Narrow Your Focus: Most closeup images I see suffer from distracting backgrounds. As nature photographers, we may be tempted to try to get as much in focus as possible, but that can be the death blow to a macro image. Use the largest aperture as practical (think f/4 or f/5.6). The large opening in the lens will only allow for a very narrow depth of field. That, however, is exactly what you are looking for. Shoot wide open, focus perfectly on the subject, and watch the background change from your neighbor's cluttered lawn to beautiful curtains of pastel draped across the image. As an added bonus, wide open apertures allow for faster shutter speeds. That allows you to freeze that flower in a slight (and I stress slight) breeze. A win-win situation and those rarely happen in this business.

Isolate Your Idea: My college instructor shouted this suggestion out at critique twenty years ago and it still rings in my ears today, "FILL THE FRIGGIN' FRAME!" I have one complaint about most photos I see; the subject is lost somewhere in the rest of the clutter on the image. If you want to include the foreground in your shot, that's fine. However, if you really want the viewer to be amazed by the brilliant last light of day shining on that distant peak, you better use a telephoto lens to isolate the mountain in the frame. If you don't have a long enough lens you can always crop the image in the computer later on.

Most people spend their lives in a form of tunnel vision, viewing the world through eye level. Most nature photographers spend most of their lives trying to escape that viewpoint to create amazing photos. On your next photography trip, try some of the ideas above to mix up your life's viewpoint a little bit and come home with a great image.

Friday, June 10, 2011

Story Behind The Image - Dream Forest

Sometimes concepts are born out of necessity. The deep forests of the Pacific Northwest are some of my favorite places to photograph. I never seem to grow weary of the endless patterns of green and brown that blanket the mountains, valleys, and coastlines of this corner of the country. The soft diffused light of an overcast day is the perfect situation to capture the colors and contrasts of the deep forests Oftentimes though, I find myself wandering among the trees as the afternoon sun filters through the forest canopy creating a less than ideal situation. While the sunlight creates an atmosphere of dramatic majesty, the harsh contrast between the brightly lit trees and the shadows on the forest floor is too great for a single exposure to handle. In the modern age of digital photography there are many ways to compensate for this problem but during the age of film, it was another story.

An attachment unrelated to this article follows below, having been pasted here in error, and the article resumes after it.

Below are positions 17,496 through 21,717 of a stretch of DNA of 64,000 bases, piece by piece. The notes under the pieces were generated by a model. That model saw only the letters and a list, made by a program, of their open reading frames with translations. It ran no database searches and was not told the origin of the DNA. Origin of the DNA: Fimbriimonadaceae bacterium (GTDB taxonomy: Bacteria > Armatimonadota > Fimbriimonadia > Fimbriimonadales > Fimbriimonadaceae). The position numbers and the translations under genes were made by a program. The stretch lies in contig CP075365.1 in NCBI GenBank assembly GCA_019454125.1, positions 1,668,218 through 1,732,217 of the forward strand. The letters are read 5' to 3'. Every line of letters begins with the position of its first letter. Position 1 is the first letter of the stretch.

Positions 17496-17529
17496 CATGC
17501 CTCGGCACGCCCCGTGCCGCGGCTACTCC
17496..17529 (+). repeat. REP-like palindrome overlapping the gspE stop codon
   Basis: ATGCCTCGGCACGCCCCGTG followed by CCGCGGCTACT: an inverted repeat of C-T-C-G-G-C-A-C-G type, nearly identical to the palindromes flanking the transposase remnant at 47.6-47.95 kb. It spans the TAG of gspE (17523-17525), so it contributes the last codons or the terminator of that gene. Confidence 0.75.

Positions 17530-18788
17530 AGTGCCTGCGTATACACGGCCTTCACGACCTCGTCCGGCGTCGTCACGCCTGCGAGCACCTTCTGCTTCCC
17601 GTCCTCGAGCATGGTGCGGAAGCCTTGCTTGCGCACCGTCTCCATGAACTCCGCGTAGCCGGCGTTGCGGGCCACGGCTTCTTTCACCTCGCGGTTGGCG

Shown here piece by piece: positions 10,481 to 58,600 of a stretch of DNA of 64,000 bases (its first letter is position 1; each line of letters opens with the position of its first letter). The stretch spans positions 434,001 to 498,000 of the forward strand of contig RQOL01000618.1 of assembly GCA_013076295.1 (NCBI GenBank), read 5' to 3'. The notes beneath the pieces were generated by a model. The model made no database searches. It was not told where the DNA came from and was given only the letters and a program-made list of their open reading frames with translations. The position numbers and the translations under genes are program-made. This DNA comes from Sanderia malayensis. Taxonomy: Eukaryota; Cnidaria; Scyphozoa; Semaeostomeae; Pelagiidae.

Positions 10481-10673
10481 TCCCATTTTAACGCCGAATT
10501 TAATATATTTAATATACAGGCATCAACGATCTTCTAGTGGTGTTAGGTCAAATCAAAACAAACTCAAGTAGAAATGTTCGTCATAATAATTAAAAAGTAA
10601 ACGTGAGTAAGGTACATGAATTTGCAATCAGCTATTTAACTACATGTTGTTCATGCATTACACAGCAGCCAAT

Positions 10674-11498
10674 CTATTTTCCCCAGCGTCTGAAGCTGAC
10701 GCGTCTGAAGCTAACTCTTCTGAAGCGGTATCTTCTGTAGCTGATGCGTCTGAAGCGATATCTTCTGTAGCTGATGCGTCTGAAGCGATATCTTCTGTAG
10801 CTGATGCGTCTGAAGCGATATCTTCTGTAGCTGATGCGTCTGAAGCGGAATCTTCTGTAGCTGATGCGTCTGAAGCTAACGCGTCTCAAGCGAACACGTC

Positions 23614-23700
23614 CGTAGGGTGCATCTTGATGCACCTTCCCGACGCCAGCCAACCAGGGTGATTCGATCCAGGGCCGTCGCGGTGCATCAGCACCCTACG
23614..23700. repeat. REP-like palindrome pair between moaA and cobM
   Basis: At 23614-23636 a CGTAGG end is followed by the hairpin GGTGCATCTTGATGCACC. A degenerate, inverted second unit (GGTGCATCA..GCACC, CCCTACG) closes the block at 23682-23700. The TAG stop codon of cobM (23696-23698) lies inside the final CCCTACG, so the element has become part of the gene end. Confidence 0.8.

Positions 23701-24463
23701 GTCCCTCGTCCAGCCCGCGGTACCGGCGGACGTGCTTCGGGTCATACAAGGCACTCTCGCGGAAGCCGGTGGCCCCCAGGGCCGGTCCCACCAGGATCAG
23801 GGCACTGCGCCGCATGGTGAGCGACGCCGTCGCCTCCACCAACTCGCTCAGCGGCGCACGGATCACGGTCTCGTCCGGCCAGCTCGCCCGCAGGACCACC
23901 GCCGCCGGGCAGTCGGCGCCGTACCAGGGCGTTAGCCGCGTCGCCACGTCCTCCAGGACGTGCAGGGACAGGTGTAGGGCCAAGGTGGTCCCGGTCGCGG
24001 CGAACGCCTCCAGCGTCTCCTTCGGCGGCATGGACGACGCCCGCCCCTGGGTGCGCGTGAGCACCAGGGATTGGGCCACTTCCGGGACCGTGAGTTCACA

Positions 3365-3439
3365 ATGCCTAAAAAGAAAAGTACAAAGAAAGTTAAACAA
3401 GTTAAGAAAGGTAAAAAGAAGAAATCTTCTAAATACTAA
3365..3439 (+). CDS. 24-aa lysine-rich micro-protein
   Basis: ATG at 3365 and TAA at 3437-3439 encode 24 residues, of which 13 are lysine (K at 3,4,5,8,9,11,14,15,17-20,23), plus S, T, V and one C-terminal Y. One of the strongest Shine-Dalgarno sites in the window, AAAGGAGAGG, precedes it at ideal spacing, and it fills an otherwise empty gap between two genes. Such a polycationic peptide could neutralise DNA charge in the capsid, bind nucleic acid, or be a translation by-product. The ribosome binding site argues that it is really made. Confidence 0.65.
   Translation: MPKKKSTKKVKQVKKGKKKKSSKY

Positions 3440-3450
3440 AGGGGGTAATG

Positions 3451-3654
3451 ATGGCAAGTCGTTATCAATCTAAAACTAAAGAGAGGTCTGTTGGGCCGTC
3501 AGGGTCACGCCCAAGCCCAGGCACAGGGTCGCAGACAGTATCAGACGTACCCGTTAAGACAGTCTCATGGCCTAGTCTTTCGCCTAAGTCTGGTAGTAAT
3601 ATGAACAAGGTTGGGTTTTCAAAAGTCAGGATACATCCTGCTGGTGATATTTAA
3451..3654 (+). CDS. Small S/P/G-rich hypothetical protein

On an afternoon trip to the Oregon coast, I was hiking a trail through the forest to a small secluded beach. I came to a small grouping of tree trunks that stood in a striking formation. I was about to file the location in the back of my brain for future reference when an idea popped into my head. Why not expose the film for the highlights to capture the color and then bleed the exposure across the image by panning the camera using a slow shutter speed. If it worked, it would effectively eliminate the shadows. With no way to preview the images, I stood in the forest for the next hour, panning the camera using different shutter speeds and different exposures. I tossed the four rolls of film into my camera bag and continued down the trail toward my planned destination. Two days later, I saw the results for the first time when I picked up my film at the lab. Most of the frames were filled with beautiful swirling color but they failed miserably to provide any context to the scene. There was one image where the trunks of the trees and the sunlit canopy were aligned just enough to understand what I was looking at.

Today, I can check exposure on the LCD screen of my fancy digital camera. I can take multiple exposures with my camera and combine them in my computer to create an image that captures the deepest shadows and the brightest highlights. Today, there is no need to wait for two days to see if you captured your vision on film. I still miss that moment of anticipation at the lab when the technician hands over those rolls of developed film. Sometimes I think I should turn that screen off and wait two days to see the results....but I never do.